Israel/Palestine: The Politics of a Two-State Solution

  • Israel/Palestine and the Politics of a Two-State Solution
  • When Peace Fails: Lessons from Belfast for the Middle East

Friday, May 16, 2014

"How the mighty have fallen." Ehud Olmert to Prison

This week former Israeli Prime Minister Ehud Olmert was sentenced to six years in prison for taking bribes from property developers in the Holyland Development scandal when he was mayor of Jerusalem before becoming prime minister. He will be the first former prime minister in Israeli history to go to prison. Olmert served for ten years as Jerusalem's mayor, from 1993 to 2003, before becoming a minister in Ariel Sharon's second government. When Sharon broke away from the Likud in late 2005 to form Kadima Olmert went with him as his number two. Sharon then suffered a massive stroke two months later in early January 2006, which put him into a coma from which he never recovered, and Olmert became head of Kadima and then prime minister following elections in March 2006. Olmert only served as Kadima leader for 2.5 years until late 2008 when he was forced to give way to Tzipi Livni, his foreign minister, because he was under indictment for corruption. Tzipi Livni failed to form a new government and elections were called for early 2009. These resulted in Kadima winning one more seat than the Likud but going into opposition because of its inability to form a coalition government. Olmert then retired from politics.

Olmert began politics as an ambitious young political activist in the Herut Party. When Shmuel Tamir challenged Begin's leadership of the party and was suspended he split off to form the Free Center party in early 1967. Olmert went with him and at age 28 was elected to the Knesset on December 31, 1973 at age 28--the youngest ever MK. He began his career as an anti-corruption campaigner. But as mayor of Jerusalem, following the 28-year tenure of internationally-renowned Mayor Teddy Kollek of Rafi/Labor, he developed a reputation as one of the more corrupt figures in Israeli politics eating in fancy restaurants, smoking expensive cigars, and wearing tailor-made suits.

Ironically, Olmert had beaten an earlier corruption charge that was demonstrated to be politically motivated in order to prevent him from negotiating a peace deal with the Palestinians. But his former private secretary Shula Zaken revealed to prosecutors all the corruption deals in exchange for a plea bargain that resulted in a mere 11-month sentence for her, although she was a prime participant in the schemes. With time off for good behavior Olmert is likely to serve at most three or four years in a minimum-security prison.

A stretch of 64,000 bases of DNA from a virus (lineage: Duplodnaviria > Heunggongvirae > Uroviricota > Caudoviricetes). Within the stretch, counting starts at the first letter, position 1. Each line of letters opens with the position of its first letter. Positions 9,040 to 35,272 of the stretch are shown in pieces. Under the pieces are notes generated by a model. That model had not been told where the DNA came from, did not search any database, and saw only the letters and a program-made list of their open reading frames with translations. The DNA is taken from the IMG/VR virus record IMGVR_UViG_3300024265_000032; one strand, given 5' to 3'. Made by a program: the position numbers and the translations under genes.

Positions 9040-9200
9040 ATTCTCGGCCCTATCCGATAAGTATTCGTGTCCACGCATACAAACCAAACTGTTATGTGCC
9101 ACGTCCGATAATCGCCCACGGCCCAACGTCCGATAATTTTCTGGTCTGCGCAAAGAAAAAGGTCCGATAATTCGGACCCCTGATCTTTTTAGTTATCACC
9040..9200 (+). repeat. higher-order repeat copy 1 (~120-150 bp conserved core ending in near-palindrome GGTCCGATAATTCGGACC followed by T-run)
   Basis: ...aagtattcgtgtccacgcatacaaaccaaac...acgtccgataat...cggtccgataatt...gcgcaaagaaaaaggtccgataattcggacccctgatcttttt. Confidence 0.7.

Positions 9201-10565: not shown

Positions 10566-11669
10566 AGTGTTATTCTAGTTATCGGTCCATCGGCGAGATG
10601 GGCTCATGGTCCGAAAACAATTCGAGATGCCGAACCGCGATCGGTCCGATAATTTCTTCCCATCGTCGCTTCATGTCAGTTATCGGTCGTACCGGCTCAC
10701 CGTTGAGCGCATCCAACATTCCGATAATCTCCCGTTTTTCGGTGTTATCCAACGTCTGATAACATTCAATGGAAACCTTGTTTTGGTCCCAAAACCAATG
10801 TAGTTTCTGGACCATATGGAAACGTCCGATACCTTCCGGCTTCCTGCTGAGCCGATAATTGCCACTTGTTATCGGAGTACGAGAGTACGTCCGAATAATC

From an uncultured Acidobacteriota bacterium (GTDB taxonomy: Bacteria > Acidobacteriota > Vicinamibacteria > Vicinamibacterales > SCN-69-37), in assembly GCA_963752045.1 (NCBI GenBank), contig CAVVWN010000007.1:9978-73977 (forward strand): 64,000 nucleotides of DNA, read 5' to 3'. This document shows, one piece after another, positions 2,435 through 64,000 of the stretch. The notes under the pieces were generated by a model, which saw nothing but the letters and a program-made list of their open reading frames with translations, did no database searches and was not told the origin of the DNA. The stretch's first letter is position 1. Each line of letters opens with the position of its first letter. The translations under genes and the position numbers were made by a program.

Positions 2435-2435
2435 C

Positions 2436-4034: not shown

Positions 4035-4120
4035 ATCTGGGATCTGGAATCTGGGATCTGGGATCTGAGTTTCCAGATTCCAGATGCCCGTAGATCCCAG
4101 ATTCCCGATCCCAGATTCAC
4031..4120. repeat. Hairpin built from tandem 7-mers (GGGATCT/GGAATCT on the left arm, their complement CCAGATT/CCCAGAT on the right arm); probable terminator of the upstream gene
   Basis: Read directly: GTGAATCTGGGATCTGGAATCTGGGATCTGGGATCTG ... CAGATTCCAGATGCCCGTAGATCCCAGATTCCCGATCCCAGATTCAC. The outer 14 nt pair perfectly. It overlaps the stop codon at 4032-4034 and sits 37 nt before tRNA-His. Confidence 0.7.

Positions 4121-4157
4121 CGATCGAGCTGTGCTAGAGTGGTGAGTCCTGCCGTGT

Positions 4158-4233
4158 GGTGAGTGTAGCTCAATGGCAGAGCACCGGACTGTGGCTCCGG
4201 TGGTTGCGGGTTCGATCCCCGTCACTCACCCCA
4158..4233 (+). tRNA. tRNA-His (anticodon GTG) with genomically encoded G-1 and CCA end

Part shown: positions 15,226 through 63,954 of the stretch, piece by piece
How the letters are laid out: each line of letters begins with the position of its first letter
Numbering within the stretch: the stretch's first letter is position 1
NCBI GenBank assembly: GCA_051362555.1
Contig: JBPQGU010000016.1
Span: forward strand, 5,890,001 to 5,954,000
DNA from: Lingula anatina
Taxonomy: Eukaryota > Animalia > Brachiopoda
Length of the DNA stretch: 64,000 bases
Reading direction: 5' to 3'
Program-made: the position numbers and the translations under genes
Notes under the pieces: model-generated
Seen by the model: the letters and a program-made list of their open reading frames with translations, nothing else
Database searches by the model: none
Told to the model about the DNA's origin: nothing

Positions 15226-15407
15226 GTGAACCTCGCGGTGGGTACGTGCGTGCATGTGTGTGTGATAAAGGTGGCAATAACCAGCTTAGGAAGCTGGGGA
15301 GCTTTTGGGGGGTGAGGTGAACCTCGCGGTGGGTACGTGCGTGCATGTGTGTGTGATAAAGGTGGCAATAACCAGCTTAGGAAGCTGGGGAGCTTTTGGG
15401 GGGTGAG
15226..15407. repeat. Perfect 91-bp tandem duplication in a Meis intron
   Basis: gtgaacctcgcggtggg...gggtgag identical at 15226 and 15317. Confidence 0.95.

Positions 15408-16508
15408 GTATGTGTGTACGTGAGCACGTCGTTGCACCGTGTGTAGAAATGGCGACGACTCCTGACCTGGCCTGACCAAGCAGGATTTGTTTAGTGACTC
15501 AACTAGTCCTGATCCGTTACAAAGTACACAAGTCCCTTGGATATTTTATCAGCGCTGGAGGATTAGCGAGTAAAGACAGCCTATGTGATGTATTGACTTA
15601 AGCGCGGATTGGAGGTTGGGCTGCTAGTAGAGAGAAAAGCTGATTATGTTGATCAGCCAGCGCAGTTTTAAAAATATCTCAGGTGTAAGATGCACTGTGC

Besides going to prison, Olmert is likely to be remembered by future historians for three things. First, the Second Lebanon War occurred on his watch in July 2006 and resulted in a degradation of Israel's deterrent power and hundreds of thousands of homeless Lebanese who fled southern Lebanon and tens of thousands of Israelis who fled northern Israel. Second, in 2008 he engaged in direct peace talks with Palestinian leader Mahmoud Abbas that resulted in an Israeli offer to withdraw from 94 percent of the West Bank and swap territory for the remaining six percent. But because Abbas and Olmert were both very politically weak leaders, Olmert did not feel comfortable giving up a Palestinian right of return and according to some Israelis, Foreign Minister Tzipi Livni advised Abbas to wait until she was prime minister before signing a peace deal. So the negotiations collapsed after eight months in the early fall of 2008. Third, in late December 2009 Olmert launched Operation Cast Lead--a war on Hamas and Gaza that resulted in over a thousand Palestinian deaths with literally two handfuls of Israelis killed. This was resulted in the Goldstone Report from UN appointed former South African Judge Richard Goldstone that was very critical of Israeli conduct during the war.

Abroad Olmert was feted and celebrated by liberal peace activists like J Street, where he was the guest of honor at J Street's third conference in 2012. But this will now end and reality will set in. Olmert should use his prison time to write his memoirs and explain what really happened to the peace deal in 2008, which no Bush administration official has yet adequately explained. J Street will now have to search for another credible Israeli peace partner for lame duck Palestinian President Abbas. Good luck with that.

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